I was delighted to watch the inauguration with my students yesterday. We started out watching the CNN.com feed (with the Facebook updates) but it froze and we switched over to TV instead. We found the Facebook updates interesting but a little unsettling; one student astutely noted that they must be filtering, because nothing nasty or "inappropriate" was being shown. It's sad that he assumed that it was being said, if not shown, and perhaps sadder that we all agreed.
We tuned in just as the invocation was wrapping up, and got to see and hear Aretha Franklin lead us in with song; class was ending just as Joseph Lowery was giving the benediction, and only one student stayed to the end of that, but I think she and I were both glad we did. Having grown up among preachers, whose everyday speech often incorporates snippets of scripture, familiar poetry, and well-loved hymns, I loved the way his prayer did the same thing.
I can't say I was as enthusiastic when I heard Elizabeth Alexander read her poem, but looking it over later I find myself moved by it, by its evocation of the everyday, its pleasure in precision, and its comprehensiveness. It's worth reading with the line and stanza breaks preserved. I like that both Alexander and Connecticut's Marilyn Nelson wrote praise songs for the day.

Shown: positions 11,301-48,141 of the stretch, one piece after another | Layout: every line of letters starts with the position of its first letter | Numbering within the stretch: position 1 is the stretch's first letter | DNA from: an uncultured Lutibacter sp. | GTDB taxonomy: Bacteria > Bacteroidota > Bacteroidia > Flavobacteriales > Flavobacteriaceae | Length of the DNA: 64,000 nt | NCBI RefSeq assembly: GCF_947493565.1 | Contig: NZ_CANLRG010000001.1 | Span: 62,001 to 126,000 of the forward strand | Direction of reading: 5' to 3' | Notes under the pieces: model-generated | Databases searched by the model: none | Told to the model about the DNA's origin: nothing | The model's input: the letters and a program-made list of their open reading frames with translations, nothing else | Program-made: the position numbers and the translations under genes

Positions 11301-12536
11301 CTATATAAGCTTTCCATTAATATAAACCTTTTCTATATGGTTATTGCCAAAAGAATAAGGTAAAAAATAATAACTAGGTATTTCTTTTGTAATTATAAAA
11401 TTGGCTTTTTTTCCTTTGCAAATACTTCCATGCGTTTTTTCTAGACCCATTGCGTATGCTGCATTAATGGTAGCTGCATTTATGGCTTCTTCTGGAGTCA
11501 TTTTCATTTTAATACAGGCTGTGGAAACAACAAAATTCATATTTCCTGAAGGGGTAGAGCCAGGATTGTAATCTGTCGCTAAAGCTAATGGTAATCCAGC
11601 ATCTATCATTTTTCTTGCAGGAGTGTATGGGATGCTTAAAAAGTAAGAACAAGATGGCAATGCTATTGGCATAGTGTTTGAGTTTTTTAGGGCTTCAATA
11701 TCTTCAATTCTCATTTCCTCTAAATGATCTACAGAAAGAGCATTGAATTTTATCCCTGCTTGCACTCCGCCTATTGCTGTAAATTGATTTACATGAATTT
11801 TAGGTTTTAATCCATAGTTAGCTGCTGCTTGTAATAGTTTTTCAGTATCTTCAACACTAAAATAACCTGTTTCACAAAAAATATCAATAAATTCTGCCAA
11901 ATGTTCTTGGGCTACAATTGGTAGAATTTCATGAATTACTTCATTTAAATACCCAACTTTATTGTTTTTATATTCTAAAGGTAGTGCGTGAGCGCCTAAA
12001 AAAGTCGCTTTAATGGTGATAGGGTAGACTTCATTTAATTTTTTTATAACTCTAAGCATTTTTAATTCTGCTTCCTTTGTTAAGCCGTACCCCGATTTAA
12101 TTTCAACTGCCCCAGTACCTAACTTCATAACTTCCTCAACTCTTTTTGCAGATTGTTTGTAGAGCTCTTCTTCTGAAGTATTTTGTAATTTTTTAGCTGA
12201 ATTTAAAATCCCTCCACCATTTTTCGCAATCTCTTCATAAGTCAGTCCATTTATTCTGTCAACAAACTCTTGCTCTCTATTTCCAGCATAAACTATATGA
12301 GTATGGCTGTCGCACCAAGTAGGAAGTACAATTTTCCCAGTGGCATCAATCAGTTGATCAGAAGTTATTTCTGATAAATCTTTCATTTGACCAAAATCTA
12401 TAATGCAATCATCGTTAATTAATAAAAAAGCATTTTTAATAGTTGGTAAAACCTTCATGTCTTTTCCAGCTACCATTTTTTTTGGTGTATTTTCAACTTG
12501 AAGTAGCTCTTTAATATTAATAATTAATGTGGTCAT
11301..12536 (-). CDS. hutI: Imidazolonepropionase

President Obama's speech also had that comprehensive reach, and I loved its inclusiveness. I was saddened to hear that the official Chinese press cut off their transmission of the speech right at this point: To those leaders around the globe who seek to sow conflict, or blame their society's ills on the West — know that your people will judge you on what you can build, not what you destroy. To those who cling to power through corruption and deceit and the silencing of dissent, know that you are on the wrong side of history; but that we will extend a hand if you are willing to unclench your fist.
Finally, the children's lit link, from Rebecca Traister's report in Salon.com on the festivities yesterday. "Happy Inauguration Day!" they said as they passed, greeting each other with a level of joyful familiarity typical of days on which Voldemort has been defeated.
Suddenly I'm back in that scene from the opening of the first HP novel, and I know just what it was like. Wow.